The Poor, the Crippled, the Blind, and the Lame: Physical and Sensory Disability in the Gospels of the New Testament

  title={The Poor, the Crippled, the Blind, and the Lame: Physical and Sensory Disability in the Gospels of the New Testament},
  author={Louise Gosbell},
ion” is evidenced by the terminology used to describe disability in our extant sources: “‘maimed’ (πηρός/mancus), ‘mutilated’ (κολοβός/curtus), ‘ugliness’ (αἶσχος/deformitas), ‘weakness’ (ἀσθένεια/ infirmitas), and ‘lameness in the leg’ (χωλός/tardipes).”43 To illustrate the possible semantic range, note Aristotle’s use of the word πηρός (deformed). On one occasion, Aristotle uses the term πηρός to describe neonates with supernumerary members as being “deformed” (ἀνάπηρος)44 while on another… Expand
Disability Studies and Biblical Studies: Retrospectives and Prospects
  • Hector Avalos
  • History
  • Interpretation: A Journal of Bible and Theology
  • 2019
The integration of the field of disability studies with biblical scholarship has grown rapidly since the 1990s. This essay provides an overview of some of the main developments and explores someExpand
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ABSTRACT This reflection considers the implications of the Christian faith as embodied and sensory in respect to worship practices, especially for people with intellectual disability. The reflectionExpand
Disability and New Testament Studies: Reflections, Trajectories, and Possibilities
Abstract This article offers a survey and assessment of the state of New Testament scholarship and disability studies. It provides some critical reflections on the current trends and trajectories ofExpand


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The parable, rendered by the interpretive tradition in glowing terms, is often enlisted to underwrite theologies of liberation and radical inclusion grounded in God’s indiscriminate love as well asExpand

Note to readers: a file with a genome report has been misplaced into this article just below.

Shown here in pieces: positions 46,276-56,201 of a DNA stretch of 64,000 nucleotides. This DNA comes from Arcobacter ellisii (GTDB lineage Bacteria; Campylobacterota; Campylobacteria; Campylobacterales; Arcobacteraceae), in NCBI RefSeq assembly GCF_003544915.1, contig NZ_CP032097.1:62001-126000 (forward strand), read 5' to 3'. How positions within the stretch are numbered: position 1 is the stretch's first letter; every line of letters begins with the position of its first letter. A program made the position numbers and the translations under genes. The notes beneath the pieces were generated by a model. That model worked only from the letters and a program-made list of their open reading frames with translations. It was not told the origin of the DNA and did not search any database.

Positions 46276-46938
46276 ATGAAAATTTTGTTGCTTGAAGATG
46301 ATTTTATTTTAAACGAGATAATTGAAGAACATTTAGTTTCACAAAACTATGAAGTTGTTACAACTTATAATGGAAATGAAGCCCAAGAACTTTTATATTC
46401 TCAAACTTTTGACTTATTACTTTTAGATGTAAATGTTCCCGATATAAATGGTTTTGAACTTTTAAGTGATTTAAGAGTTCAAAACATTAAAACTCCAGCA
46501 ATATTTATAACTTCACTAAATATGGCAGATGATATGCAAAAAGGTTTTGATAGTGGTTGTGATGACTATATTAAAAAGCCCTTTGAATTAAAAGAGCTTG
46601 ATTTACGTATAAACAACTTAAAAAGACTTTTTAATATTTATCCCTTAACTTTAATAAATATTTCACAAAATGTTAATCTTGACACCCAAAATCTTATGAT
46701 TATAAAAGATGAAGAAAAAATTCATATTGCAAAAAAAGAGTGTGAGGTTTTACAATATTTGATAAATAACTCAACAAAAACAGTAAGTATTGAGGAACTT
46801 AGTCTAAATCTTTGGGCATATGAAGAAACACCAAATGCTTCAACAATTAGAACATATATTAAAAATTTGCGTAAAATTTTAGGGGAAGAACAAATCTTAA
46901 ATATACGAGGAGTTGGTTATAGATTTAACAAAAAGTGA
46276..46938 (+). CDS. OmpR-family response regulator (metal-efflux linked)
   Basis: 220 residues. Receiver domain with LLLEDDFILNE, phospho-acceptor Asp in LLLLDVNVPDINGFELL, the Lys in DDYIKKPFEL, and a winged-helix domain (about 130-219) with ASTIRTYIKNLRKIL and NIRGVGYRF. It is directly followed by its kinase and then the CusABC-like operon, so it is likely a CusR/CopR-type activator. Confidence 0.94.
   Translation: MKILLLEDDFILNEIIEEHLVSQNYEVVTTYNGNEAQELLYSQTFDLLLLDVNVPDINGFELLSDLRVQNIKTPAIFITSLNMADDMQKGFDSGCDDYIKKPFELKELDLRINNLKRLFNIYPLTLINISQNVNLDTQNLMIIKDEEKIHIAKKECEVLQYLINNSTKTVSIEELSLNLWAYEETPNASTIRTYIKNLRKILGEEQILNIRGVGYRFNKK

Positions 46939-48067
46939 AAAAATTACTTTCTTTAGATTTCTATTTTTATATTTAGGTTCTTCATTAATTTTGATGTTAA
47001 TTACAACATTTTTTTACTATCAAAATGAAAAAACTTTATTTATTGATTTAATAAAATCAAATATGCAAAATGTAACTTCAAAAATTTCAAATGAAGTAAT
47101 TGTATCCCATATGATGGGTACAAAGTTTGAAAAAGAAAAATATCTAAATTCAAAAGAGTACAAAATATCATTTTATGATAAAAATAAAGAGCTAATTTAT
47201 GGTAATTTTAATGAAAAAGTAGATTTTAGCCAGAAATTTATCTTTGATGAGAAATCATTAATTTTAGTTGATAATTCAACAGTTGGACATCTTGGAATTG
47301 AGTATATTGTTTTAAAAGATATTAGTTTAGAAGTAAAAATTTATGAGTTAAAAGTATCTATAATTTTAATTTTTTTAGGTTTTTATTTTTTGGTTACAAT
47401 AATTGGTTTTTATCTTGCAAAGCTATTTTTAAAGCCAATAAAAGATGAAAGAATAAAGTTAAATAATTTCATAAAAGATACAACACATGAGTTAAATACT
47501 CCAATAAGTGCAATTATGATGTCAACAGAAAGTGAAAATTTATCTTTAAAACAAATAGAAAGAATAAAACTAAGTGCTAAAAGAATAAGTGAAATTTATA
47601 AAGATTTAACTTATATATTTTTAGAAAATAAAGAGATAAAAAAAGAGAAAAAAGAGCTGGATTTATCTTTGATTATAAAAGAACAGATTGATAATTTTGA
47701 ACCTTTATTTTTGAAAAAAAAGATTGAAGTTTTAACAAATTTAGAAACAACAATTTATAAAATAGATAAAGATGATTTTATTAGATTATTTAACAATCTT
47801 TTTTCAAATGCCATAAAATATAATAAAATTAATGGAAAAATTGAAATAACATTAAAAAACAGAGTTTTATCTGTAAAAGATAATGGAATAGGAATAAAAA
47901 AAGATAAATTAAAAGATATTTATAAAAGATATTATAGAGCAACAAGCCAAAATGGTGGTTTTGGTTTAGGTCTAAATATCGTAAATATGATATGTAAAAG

Disability Studies and Biblical Literature
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The Blind, the Lame, and the Barren Shall Not Come into the House
Deuteronomy 23:2 (in most of the Bible’s English versions, 23:1) forbids men who have suffered certain types of genital mutilation—crushed testicles or a cut-off penis—from entering into the qehal,Expand
The Nature of Barrenness in the Hebrew Bible
In an essay on the rhetorical use of disability in the Deuteronomistic History, Jeremy Schipper has argued that in the Hebrew Bible, barrenness or infertility can be presented as a disability.1 HeExpand
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Of all the eccentricities and diversities of human embodiment, no physical abnormality seems to have captured the imagination of biblical authors so much as s i āravat (תערצ), “skin disease,” whichExpand
Mental States, Bodily Dispositions and Table Manners: A Guide to Reading ‘Intellectual’ Disability from Homer to Late Antiquity
It comes as no surprise that we find both continuity and change regarding the perception of the mind/body system between the eighth century BCE and the fifth century CE. This overview commences withExpand
Developmental Disabilities and Sacramental Access: New Paradigms for Sacramental Encounters
Is a developmental disability an appropriate reason to bar a baptized person from the sacraments? This is the disturbing question that generated this book. The pastoral reality is that RomanExpand
Bodies, Embodiment, And Theology of the Hebrew Bible
Introduction: S. Tamar Kamionkowski Section One Amy C. Merrill Willis, "Visible Tensions: The Body of God in the Book of Daniel" Mark W. Hamilton, "The Body of God in Psalms: From Incomparability toExpand
An Issue of Blood: The Healing of the Woman with the Haemorrhage (Mark 5.24B–34; Luke 8.42B–48; Matthew 9.19–22) in Early Medieval Visual Culture
The paper considers both expressions and their—anthropologically framed—relation to this female ‘issue of blood’, which the Haemorrhoissa came to embody and epitomise literally, as well as figuratively. Expand
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{Bell & Howell Information and Learning: Foreign text Omitted} The Blind, the Lame, and the Poor: Character Types in Luke-Acts, by S. John Roth. JSNTSup 144. Sheffield: Sheffield Academic Press,Expand